"In the good old days, the Communist Party found a job for everyone. Now young people have to fend for themselves.... The future of the Communist Party may be in doubt if it can't ease the pain felt by the once pampered work force."
- NBC reporter Chris Billing from Beijing on the February 13 NBC Nightly News.
Birthday Shot at Reagan
"His presidency ended more than a decade ago, but politicians, Democrat and Republican, still talk about Ronald Reagan. Al Gore has an ad noting that in Congress he opposed the Reagan budget cuts. He says that because Bill Bradley was one of 36 Democratic Senators who voted for the cuts. Gore doesn't point out that Bradley also voted against the popular Reagan tax cuts and that it was the tax cuts that piled up those enormous deficits, a snowballing national debt."
- Bruce Morton on CNN's Late Edition, February 6.
Our Hero Hillary vs. Loutish Lott
"It was hard in the summer of 1992 for a young woman to stay objective and not become enchanted by the promise of Hillary. I had spent my formative professional years undercover in the dark age of Reagan-Bush. Those were the days when women were not allowed to wear pants in the White House. Anita Hill had just been whomped. Anti-abortion judges were packing the Supreme Court. And here was a woman who had kept her own name!...."I'll be voting for her just to make sure Trent Lott doesn't get another foot soldier for his holy war."
- Former Time reporter Nina Burleigh, who once said she would give Bill Clinton oral sex for keeping abortion legal, in the February 14 New York Observer.
Good Grief, What A Blockhead
"Charlie Brown, you see, was a misfit. But who wasn't in the '60s and '70s? Remember hoping to find yourself? Hoping that maybe happiness really was that warm puppy? And then the '80s came, and we forgot about Charlie Brown for awhile, as we tried to take over the world and make pots and pots of money. Of course we had doubts, which we'd never admit. So it was kind of comforting to see Charlie Brown still out there, still kicking at that football, still missing it every time. And then, as we got older, we knew we weren't taking over the world. But that was okay. There were other things, like raising children, and we had time for Charlie Brown again. And then he had to leave us."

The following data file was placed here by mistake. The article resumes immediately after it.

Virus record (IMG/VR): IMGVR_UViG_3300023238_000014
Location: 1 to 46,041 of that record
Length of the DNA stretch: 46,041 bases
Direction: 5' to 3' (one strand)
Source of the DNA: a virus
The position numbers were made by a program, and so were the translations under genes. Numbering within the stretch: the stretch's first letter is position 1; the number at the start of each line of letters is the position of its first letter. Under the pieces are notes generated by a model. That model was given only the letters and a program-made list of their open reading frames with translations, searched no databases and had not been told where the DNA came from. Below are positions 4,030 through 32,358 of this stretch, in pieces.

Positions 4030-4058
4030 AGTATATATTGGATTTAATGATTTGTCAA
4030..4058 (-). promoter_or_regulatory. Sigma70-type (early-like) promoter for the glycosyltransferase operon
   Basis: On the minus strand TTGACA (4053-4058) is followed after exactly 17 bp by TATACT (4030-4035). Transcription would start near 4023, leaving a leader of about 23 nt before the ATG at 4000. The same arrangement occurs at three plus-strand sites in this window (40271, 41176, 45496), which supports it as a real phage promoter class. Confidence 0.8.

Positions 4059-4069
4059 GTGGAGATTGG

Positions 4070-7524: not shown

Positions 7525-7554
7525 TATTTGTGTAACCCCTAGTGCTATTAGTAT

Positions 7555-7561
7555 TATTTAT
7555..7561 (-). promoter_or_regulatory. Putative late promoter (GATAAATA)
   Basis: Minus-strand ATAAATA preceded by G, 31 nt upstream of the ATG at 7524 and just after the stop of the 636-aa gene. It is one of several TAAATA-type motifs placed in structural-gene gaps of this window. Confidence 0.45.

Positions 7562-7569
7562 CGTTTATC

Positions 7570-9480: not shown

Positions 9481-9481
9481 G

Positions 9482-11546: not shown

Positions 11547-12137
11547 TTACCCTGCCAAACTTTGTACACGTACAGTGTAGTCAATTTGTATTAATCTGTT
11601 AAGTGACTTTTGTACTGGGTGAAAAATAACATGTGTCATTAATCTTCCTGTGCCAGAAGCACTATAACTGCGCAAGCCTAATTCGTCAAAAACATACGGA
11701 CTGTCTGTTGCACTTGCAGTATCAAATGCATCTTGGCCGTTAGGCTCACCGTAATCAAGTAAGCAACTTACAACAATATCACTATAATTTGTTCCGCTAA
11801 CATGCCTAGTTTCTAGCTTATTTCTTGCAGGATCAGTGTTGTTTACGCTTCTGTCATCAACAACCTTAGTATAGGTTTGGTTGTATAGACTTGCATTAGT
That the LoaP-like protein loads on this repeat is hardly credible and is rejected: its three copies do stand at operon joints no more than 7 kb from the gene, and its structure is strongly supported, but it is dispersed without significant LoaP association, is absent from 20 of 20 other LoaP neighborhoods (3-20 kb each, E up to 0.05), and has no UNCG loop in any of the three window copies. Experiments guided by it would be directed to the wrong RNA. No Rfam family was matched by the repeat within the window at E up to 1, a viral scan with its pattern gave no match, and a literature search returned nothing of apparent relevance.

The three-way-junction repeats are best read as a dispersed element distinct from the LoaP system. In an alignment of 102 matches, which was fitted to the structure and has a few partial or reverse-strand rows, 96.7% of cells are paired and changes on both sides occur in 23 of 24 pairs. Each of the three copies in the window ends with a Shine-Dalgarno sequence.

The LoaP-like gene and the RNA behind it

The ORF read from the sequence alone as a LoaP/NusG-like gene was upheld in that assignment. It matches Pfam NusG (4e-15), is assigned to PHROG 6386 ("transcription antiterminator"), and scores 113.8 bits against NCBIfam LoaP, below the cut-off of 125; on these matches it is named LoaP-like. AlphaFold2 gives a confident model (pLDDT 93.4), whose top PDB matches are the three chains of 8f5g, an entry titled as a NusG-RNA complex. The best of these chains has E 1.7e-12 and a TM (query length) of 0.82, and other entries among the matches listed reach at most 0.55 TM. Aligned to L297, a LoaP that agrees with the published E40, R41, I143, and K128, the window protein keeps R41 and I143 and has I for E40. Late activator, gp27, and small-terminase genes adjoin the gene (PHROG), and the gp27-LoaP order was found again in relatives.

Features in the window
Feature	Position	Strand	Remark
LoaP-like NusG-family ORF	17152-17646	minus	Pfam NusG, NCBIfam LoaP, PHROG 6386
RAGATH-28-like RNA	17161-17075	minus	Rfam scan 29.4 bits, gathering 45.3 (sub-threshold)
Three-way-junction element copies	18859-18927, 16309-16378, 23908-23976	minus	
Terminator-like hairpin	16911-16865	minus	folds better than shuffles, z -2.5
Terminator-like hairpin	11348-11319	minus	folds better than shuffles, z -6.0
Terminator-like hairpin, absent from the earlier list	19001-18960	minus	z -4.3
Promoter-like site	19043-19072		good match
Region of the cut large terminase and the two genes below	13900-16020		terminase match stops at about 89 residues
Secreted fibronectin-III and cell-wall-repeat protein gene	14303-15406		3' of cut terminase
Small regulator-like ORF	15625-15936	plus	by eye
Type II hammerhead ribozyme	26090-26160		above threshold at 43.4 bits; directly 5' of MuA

- Anne McDermott on CNN's The World Today, Feb. 14.
CBS: Clueless Bob Schieffer
Host Howard Kurtz: "Bob Schieffer, the Bush campaign has a radio ad up now which says that McCain's election will benefit the liberal media. Is this an effective Republican argument, that if the press likes a candidate, he can't be very good?"
CBS reporter Bob Schieffer: "Does that mean well, I mean, what does that mean? That our ratings will go up if John McCain is elected?"
Kurtz: "Well, it has to do with campaign finance reform and whether the press will have more power. But it's also an increasing charge made by Bush aides and campaign surrogates that raising questions about, they would say, the candidate and the Fourth Estate."
Schieffer: "Now that sounds a little whiny to me. I'm not sure of what I would make of it."
- CNN's Reliable Sources, February 12.
Unlabeled Allies Clear McCain
ABC News reporter Barry Serafin: "McCain says he has to work within the system to change it. A campaign watchdog group agrees and says McCain is not a hypocrite."
Scott Harshbarger, President of Common Cause: "Senator McCain has been among the first to say that it's the system that's corrupt and taints everyone in it. We've never asked anybody to unilaterally disarm."
Serafin: "In fact, the Center for Responsive Politics says Bush has raised far more money than McCain from a number of special interests. Fifteen times as much from lawyers, nearly twenty times as much from the banking industry, and 58 times more than McCain from the oil and gas industry.....Whatever his misgivings, McCain will continue to seek money wherever the system allows just like his opponent."
- ABC's World News Tonight, February 10.
Victims of Delayed Buffalo Wings
CBS News reporter Ray Brady: "At America's restaurants they're feeling those low unemployment numbers. Waiters, waitresses, even chefs are hard to find. And there's an added price: consumers are feeling the shortage too. Ask Mike McConnell. He and his family waited for over an hour at TGI Fridays in St. Louis."
McConnell: "No one telling us anything, you know just telling us 'we're going to seat you, we're going to seat you, we're going to seat you' and then-"
Brady: "No seats."
- February 4 CBS Evening News story.